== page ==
Project: Improving Water, Sanitation and Hygiene (WASH) in Kaloleni Primary School

Thanks to our volunteers, the children at Kaloleni Primary School have access to a more hygienic toilet and their risk of disease has been greatly reduced.
Published on
December 15, 2022

Diarrhoea is one of the most commonly reported illnesses in Tanzania, with young children particularly at risk. Inadequate access to clean water, poor hygiene, and infestations of insects (particularly flies) are the risk factors for many diseases such as diarrhoea, cholera, typhoid fever, malaria, helminths, schistomaniasis and other parasitic diseases.

The existing toilets at Kaloleni primary school were pit-latrine toilets, which is a typical construction method in developing countries. As there is no nearby sewerage network, the toilets consist of a deep hole in the ground, which is sometimes sealed with concrete but usually left unlined. A simple concrete floor with a hole is then the 'toilet'. There are usually a number of vent pipes for each toilet block to help with flies and odour management although these were damaged at Kaloleni and we quickly discovered that the holes were the key source of odour and flies!

At Kaloleni Primary, each student would have their own personal 'pitcher' usually around half a litre or so, which they would need to fill up at the drinking taps (around 150m away from the toilets) and carry it into the toilet to clean themselves afterwards. Considering the distance between the taps and the toilet, it was clear that some students weren't using their pitcher and would just use their hands and only maybe wash afterwards.  

After doing a bit of research online, we decided that we would fit each of the toilet cubicles with a tap connected to running water, fix the vent pipes, and install a SaTo toilet pan in each cubicle. The SaTo pan uses a simple trap door design that forms a water seal at the bottom of a pan set into a cement slab over the pit. The water seal reduces transmission of disease by insects, reduces odour and only requires a small volume of water for each flush compared with conventional toilets. More than one million units are already in use around the world, benefiting about five million people.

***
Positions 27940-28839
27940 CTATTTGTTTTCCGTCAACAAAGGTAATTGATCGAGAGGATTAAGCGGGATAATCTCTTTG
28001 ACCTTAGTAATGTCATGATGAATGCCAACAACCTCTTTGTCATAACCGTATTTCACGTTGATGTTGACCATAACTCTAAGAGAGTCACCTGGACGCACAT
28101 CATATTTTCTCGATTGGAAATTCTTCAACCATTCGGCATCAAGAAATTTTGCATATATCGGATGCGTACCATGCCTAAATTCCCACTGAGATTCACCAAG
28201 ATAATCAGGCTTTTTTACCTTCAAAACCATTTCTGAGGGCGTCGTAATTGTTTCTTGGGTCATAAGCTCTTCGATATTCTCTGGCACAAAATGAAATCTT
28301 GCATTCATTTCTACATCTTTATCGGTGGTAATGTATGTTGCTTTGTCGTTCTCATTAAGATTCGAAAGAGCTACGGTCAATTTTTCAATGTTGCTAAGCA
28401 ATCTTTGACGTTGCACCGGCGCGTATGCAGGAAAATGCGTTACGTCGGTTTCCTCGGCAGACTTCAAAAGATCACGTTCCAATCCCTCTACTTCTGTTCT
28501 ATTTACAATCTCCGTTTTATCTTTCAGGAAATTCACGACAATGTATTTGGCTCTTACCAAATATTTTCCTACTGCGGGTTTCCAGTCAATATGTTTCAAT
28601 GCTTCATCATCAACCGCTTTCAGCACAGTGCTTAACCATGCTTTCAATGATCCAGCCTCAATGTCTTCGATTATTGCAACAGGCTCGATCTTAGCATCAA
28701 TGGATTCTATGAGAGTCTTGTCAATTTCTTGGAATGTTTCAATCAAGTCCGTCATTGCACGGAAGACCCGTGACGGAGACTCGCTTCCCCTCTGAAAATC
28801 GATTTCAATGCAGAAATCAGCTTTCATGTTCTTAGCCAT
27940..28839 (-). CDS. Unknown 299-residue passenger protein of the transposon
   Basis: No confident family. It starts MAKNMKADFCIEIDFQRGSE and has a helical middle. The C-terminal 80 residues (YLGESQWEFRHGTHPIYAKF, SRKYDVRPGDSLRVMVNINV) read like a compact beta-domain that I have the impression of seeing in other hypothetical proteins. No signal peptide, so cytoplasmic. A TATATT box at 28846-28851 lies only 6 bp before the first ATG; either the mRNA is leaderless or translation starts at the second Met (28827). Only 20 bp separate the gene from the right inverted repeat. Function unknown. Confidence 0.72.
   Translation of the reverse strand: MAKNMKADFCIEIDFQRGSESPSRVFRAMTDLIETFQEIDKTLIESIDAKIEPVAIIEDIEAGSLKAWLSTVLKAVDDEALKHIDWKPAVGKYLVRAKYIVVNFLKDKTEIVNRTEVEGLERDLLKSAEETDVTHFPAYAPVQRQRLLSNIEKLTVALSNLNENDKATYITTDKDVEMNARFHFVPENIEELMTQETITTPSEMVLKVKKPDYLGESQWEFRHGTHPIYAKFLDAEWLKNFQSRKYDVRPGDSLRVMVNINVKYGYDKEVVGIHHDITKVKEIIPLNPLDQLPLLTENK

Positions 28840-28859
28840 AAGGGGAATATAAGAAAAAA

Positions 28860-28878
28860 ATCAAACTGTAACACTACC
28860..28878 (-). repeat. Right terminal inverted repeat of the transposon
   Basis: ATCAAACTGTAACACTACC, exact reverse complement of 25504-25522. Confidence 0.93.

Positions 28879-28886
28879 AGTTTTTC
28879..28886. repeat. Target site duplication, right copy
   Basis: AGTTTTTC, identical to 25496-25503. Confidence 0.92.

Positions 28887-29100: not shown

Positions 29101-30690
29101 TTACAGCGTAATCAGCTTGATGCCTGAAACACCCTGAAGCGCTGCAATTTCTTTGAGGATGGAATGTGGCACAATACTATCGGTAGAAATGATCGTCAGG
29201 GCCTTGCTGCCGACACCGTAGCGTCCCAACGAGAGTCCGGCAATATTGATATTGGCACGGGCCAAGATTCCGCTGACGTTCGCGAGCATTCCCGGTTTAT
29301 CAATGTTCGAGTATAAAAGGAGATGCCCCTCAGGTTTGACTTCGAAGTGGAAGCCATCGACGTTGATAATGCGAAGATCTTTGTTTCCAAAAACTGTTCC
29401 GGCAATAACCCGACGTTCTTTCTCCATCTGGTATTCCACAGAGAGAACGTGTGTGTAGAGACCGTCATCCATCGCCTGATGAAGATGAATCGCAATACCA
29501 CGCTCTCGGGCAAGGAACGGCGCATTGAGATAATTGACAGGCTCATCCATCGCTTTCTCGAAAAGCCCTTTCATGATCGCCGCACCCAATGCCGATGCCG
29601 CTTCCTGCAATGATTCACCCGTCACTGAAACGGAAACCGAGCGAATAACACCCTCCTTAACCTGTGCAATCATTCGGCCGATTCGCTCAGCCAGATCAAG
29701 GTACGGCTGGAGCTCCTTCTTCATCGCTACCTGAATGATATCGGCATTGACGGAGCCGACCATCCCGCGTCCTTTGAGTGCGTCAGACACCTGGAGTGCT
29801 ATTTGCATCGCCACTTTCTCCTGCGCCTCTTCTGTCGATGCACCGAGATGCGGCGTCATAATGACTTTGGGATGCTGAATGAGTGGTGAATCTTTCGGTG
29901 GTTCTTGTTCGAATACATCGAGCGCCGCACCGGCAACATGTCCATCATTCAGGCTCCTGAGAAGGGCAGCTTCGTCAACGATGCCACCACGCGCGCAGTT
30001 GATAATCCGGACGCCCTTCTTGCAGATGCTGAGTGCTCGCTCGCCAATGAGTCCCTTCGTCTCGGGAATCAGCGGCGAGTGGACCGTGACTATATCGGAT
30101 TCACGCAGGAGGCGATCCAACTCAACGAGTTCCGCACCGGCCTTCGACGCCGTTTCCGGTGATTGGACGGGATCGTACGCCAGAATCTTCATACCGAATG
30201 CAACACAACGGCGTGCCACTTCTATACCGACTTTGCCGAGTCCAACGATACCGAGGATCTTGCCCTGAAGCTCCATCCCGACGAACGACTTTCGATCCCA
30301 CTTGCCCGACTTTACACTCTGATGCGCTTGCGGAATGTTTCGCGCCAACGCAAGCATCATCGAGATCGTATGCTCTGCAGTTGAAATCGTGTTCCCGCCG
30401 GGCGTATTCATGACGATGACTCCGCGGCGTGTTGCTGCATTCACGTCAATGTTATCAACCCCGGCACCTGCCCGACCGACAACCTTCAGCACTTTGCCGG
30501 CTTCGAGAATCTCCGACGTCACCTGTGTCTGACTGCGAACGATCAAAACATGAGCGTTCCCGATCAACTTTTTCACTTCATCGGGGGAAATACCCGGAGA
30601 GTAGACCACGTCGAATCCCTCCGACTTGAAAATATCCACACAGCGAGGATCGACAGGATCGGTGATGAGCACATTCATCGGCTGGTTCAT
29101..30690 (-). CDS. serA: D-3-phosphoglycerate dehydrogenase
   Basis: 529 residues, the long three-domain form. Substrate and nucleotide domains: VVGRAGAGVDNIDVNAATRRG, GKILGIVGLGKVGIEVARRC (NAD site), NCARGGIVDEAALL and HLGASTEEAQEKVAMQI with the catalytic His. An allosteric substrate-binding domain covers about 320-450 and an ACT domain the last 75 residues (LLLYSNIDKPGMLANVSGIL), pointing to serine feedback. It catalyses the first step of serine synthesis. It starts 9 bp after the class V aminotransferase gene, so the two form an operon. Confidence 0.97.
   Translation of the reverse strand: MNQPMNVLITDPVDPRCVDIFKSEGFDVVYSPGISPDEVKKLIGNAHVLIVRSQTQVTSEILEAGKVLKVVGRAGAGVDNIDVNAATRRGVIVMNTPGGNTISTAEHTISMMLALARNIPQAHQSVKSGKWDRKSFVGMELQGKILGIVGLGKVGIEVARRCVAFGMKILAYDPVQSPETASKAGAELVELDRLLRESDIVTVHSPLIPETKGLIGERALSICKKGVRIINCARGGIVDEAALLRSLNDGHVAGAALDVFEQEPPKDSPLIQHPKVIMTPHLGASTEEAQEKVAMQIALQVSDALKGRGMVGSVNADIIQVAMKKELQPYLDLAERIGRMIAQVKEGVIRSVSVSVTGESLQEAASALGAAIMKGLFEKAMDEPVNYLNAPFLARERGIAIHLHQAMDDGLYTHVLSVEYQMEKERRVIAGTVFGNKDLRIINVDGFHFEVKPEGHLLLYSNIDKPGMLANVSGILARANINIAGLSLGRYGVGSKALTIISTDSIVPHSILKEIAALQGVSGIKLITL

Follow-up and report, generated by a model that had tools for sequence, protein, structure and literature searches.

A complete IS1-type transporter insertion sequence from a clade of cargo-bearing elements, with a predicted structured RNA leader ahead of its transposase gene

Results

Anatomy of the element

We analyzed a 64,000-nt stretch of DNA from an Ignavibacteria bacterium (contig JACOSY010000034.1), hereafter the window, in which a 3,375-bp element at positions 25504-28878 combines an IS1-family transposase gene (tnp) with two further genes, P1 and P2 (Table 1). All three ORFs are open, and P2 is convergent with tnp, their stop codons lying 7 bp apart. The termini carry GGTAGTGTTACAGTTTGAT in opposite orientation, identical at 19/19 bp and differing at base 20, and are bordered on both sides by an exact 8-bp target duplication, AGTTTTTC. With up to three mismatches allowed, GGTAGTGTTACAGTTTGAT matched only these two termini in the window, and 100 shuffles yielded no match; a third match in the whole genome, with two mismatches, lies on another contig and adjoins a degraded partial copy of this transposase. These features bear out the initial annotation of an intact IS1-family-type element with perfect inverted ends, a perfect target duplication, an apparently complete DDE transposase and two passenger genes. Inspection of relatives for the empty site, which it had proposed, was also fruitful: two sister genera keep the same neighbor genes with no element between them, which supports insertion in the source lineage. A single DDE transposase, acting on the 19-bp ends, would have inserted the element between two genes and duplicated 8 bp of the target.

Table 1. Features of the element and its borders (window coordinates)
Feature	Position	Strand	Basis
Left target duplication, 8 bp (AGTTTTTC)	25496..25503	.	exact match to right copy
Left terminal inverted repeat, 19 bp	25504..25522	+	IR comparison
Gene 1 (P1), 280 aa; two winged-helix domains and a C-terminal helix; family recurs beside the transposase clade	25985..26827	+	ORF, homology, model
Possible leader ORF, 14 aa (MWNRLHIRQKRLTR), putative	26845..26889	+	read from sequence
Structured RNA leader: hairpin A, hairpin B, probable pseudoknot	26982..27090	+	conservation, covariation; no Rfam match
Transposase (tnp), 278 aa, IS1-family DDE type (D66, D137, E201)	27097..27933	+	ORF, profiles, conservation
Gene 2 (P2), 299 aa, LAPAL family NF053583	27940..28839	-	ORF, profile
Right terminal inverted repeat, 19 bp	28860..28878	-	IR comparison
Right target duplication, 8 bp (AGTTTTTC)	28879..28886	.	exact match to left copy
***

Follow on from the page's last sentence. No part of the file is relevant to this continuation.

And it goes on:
We enlisted a local plumbing Fundi (tradesperson) to help us with bringing our design to life. Some of the challenges we encountered were getting the right materials for the toilets (after a bit of hunting around we finally found the SaTo pans although there was a bit of a lag-time on ordering the rest of them). Another challenge we found was getting adequate water pressure into the toilets. Originally, the school told us that everything was fed by an elevated tank about 5m above the ground. After a bit of investigating, however, we discovered that the tank was not in use at all and that all of their water came from a sneaky connection from the nearby brewery. In order to balance the pressure in the network, we installed a small adjustable gate valve at the downstream end where we had teed-off from the existing network as well as check valves before each toilet block to stop the water draining out of the line.

The project was eventually finished and now the children from the Kaloleni Primary School have access to a more hygienic toilet and their risk of disease has been reduced. Appropriate sanitation is so fundamental to living a healthy life, and there's no doubt the completion of this project will change and save the lives of many children, we cannot thank those enough who have donated to our cause.  

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